A vehicle’s handling characteristic in reverse varies a great deal from vehicle to vehicle. If you have to back up around obstacles never combine a great deal of steering wheel movement with a heavy foot on the gas pedal. The faster you travel in reverse, the more sensitive the steering becomes, and the greater the chance for disaster. If you have to drive around an obstacle in reverse, decrease your speed before turning the wheel. The correct amount of steering and speed in reverse can only be determined through practice. Because of the caster mentioned earlier and the instability it creates, it doesn’t take much to flip a vehicle moving in reverse.
As mentioned earlier, the handling characteristics of a vehicle in reverse is not the same as driving forward. Because a vehicle handles well going forward is no indication of how it will handle driving in reverse. For example, if a vehicle moving forward can drive around an obstacle at 60 MPH – 96 KPH, the same vehicle going around the same object will lose control while driving in reverse at 20 MPH – 32 KPH.
Some vehicles have a device called “the governor,” limiting the speed while driving in reverse. The time to find out that you have a governor on the vehicle preventing you from driving fast in reverse is before you’re facing a kill zone. As a test, put the vehicle in reverse and accelerate; if there is a governor on the vehicle, the engine will misfire at around 10 MPH – 16 KPH.
Vehicles that are heavily loaded to the rear have a higher chance of losing control; however, since in most scenarios, there isn’t much that can be done about having a vehicle loaded in that manner, the driver needs to be aware of what can happen.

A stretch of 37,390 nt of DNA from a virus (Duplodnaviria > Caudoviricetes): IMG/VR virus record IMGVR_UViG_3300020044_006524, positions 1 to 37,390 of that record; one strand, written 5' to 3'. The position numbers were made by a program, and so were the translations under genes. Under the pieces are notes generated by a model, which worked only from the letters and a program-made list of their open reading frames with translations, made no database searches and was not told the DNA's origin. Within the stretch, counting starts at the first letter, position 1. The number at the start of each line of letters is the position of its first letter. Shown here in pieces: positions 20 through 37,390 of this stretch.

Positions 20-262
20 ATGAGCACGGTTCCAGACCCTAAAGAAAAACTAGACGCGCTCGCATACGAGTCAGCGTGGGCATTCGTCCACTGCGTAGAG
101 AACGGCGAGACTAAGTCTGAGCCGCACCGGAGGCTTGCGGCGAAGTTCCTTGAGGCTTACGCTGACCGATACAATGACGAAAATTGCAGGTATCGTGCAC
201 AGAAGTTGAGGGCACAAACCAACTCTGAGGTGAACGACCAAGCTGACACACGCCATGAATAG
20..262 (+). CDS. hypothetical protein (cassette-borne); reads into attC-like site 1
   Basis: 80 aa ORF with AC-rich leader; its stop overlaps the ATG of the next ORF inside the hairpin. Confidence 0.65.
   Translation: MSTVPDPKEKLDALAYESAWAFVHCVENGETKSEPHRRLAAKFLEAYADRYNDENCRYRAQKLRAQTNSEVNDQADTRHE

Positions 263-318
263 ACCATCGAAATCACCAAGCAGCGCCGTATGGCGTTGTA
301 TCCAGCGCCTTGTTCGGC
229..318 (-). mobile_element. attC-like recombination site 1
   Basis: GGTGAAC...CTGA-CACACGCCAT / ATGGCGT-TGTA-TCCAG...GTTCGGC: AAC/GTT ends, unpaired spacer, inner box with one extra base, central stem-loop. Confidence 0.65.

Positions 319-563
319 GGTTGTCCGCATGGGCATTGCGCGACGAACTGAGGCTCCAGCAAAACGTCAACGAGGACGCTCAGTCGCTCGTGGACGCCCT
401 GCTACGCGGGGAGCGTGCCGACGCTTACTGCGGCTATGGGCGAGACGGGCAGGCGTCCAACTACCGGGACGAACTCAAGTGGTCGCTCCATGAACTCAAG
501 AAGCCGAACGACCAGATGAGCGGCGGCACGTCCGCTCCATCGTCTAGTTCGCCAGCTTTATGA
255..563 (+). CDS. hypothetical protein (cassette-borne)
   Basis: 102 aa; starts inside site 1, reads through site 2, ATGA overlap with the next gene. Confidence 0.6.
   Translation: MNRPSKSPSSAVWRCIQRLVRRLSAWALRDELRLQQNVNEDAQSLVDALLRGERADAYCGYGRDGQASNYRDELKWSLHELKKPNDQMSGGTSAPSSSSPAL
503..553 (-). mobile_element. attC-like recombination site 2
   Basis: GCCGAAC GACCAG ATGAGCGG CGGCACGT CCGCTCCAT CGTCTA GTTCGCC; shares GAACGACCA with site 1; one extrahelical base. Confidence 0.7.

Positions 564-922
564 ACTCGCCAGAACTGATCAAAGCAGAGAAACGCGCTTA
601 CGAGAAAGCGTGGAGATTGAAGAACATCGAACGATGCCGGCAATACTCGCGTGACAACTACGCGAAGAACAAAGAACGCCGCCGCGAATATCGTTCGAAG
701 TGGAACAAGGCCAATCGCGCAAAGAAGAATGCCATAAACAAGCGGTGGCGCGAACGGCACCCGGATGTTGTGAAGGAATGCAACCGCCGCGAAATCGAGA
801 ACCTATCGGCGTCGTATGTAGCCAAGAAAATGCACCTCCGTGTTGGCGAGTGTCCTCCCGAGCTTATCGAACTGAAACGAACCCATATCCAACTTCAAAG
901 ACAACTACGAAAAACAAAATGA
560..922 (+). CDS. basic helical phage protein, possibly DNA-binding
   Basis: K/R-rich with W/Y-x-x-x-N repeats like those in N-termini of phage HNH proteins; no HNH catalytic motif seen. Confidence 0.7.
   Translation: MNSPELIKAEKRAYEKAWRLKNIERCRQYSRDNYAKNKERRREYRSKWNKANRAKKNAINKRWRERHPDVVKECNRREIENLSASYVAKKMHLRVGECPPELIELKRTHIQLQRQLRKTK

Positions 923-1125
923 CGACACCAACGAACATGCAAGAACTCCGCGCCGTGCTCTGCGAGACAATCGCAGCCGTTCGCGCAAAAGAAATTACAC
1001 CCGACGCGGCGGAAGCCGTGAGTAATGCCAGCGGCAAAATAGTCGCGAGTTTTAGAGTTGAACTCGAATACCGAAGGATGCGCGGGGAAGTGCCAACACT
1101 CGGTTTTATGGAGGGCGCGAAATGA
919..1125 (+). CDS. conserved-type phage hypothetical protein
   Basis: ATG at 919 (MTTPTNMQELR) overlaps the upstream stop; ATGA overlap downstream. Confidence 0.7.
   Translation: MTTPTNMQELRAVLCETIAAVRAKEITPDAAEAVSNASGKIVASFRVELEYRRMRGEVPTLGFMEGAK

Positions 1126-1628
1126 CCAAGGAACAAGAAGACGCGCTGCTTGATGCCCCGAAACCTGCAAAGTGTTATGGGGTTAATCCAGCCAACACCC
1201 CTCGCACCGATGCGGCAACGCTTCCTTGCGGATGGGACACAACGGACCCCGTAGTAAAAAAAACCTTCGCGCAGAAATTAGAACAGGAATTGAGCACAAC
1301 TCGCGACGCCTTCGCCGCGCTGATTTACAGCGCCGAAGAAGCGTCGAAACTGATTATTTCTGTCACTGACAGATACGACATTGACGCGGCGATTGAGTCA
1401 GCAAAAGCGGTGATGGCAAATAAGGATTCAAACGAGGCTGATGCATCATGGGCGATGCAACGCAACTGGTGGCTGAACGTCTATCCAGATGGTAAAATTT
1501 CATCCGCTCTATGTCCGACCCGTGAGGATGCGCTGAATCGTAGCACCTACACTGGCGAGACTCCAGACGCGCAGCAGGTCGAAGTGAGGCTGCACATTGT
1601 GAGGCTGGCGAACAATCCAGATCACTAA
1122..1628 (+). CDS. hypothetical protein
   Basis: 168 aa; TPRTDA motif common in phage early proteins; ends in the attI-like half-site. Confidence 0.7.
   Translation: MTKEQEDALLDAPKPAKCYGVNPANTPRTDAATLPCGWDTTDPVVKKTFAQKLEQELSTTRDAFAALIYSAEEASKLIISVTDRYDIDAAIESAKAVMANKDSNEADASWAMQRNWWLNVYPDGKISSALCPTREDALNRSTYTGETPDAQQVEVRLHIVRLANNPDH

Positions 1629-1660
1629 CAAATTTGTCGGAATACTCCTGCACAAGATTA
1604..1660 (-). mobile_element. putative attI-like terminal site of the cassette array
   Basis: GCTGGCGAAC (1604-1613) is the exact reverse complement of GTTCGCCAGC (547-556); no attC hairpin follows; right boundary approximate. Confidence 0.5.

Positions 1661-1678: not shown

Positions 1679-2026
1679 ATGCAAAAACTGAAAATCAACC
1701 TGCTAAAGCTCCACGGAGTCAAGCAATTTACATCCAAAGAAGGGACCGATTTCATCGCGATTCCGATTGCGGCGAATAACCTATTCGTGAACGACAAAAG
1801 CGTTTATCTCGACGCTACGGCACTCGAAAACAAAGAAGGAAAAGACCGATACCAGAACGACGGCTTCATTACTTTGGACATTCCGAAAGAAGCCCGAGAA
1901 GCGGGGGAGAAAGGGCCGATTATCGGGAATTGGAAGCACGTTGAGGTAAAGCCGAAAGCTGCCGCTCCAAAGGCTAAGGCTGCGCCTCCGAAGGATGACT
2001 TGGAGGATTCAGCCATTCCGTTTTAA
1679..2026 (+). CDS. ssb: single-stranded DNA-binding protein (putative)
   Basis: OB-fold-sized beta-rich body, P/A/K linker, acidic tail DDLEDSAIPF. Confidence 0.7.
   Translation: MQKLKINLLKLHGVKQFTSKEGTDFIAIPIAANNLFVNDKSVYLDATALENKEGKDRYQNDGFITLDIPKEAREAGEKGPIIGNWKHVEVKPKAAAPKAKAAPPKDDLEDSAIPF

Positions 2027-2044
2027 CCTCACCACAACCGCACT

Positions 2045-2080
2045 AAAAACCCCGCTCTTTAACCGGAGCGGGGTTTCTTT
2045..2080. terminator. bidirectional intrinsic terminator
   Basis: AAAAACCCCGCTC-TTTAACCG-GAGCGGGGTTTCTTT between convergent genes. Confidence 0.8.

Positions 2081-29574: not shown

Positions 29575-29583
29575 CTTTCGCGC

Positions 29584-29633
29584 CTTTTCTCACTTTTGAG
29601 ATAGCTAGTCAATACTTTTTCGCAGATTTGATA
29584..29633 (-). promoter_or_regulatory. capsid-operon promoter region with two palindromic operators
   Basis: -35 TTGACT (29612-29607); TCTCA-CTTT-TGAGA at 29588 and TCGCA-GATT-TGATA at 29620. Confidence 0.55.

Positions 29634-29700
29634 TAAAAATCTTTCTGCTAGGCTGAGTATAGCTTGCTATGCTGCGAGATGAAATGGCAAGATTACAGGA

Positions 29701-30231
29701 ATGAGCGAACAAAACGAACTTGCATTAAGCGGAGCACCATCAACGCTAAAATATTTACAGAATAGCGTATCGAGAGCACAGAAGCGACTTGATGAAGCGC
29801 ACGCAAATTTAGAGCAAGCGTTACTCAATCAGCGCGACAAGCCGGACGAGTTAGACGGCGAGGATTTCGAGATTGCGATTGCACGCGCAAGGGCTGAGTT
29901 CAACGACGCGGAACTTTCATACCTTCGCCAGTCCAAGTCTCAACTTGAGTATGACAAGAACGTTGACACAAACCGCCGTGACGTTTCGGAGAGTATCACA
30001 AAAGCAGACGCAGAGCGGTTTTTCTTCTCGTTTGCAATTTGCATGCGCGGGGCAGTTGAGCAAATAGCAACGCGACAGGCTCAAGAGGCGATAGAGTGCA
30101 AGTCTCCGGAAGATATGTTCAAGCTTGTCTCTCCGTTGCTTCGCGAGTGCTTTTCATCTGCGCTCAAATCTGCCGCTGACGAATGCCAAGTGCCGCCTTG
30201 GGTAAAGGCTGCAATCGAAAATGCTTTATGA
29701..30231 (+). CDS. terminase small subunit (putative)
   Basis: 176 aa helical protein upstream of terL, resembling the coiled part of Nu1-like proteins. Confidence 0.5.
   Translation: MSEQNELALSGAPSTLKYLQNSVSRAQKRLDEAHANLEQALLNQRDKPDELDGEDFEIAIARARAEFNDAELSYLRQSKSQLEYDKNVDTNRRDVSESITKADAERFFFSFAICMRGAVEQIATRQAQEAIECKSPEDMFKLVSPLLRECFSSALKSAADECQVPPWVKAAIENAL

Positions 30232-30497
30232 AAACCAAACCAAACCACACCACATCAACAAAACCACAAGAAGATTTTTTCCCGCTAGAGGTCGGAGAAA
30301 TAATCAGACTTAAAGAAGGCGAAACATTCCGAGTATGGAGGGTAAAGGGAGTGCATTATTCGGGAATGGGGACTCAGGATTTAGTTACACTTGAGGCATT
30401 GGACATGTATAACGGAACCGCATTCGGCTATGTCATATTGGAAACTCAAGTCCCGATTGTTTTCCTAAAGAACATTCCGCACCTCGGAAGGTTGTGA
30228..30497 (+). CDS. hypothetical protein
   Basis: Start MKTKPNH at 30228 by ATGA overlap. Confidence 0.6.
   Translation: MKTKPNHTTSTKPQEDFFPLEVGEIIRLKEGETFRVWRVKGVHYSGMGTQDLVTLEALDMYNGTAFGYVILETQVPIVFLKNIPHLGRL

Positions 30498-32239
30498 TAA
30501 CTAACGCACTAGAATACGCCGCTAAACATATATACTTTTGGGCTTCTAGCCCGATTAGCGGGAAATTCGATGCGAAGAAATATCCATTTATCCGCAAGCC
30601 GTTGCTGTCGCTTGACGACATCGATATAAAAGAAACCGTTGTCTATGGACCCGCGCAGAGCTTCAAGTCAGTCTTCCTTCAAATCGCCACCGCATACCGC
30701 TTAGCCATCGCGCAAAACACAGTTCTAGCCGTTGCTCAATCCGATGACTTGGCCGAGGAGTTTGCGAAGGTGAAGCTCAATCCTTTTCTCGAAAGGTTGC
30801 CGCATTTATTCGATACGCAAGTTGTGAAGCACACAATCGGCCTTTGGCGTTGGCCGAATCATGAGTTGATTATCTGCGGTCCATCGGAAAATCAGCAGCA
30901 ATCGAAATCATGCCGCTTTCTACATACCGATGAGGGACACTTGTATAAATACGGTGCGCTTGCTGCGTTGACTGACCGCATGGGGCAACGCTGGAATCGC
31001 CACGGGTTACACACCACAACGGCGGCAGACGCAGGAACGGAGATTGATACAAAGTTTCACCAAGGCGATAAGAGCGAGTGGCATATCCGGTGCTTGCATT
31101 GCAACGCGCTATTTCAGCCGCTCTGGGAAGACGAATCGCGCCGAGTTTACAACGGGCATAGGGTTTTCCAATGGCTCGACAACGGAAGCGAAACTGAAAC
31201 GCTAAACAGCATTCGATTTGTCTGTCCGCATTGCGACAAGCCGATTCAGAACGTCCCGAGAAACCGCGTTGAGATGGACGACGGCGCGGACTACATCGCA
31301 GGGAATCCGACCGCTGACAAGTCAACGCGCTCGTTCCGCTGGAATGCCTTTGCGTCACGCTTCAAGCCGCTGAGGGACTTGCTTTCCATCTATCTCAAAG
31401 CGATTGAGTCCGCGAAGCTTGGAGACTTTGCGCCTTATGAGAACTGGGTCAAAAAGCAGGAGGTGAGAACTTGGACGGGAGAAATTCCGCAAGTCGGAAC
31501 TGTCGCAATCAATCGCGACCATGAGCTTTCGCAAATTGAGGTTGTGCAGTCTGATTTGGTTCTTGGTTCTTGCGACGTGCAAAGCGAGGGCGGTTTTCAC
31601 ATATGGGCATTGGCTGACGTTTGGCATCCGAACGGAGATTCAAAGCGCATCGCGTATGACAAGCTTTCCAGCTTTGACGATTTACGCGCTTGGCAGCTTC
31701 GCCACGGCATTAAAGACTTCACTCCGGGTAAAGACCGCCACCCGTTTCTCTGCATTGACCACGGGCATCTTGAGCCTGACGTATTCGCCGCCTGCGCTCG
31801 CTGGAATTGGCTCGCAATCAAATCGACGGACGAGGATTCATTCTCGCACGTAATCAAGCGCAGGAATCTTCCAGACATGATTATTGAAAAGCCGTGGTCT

It was mentioned earlier that while driving in reverse, if you loosen your grip on the wheel, it stays in its last position so you’ll need to regrip to move the steering wheel and some cases you may have lost the top of the steering wheel. Add a visually hint – With the front wheels pointed straight, put a piece of tape on the top of the steering wheel. If you start to lose control, it will tell you where straight ahead is. If you look at an in-car camera shot of a NASCAR car, you will see tape on the top of the steering wheel.
A Case Study of the Science of Backing Up
Our forensic analysis of the Omar Garcia Harfuch (OGH for short) ambush indicated that the driver attempted to back out of the Kill Zone. A video and photos showed that the vehicle initially stopped 20 Feet/ 6 Meters in front of the attacker’s truck. Other images and videos show that the Suburban’s final resting place was 66 Feet/ 20 Meters back from the truck, which indicates that the driver drove in reverse 46 Feet /14 Meters away from the kill zone before the vehicle stopped at its last resting place. It also suggests that, at that time, the driver was still capable of putting the car in reverse and backing up.
Further analysis indicated that the Suburban remained stationary at the 20 Foot/ 6 Meters mark for 2 to 2 1/2 seconds before attempting to reverse.
The ISDA and the Vehicle Dynamics Institute test team recreated this scenario matching the dimensions developed in our analysis. In the process of conducting the tests; they discovered a vehicle characteristic that explains our hypothesis of why the driver seemed to have sat in the kill zone 20 Feet/ 6 Meters from the attacking truck for approximately 2 seconds before moving the vehicle or trying to move the vehicle.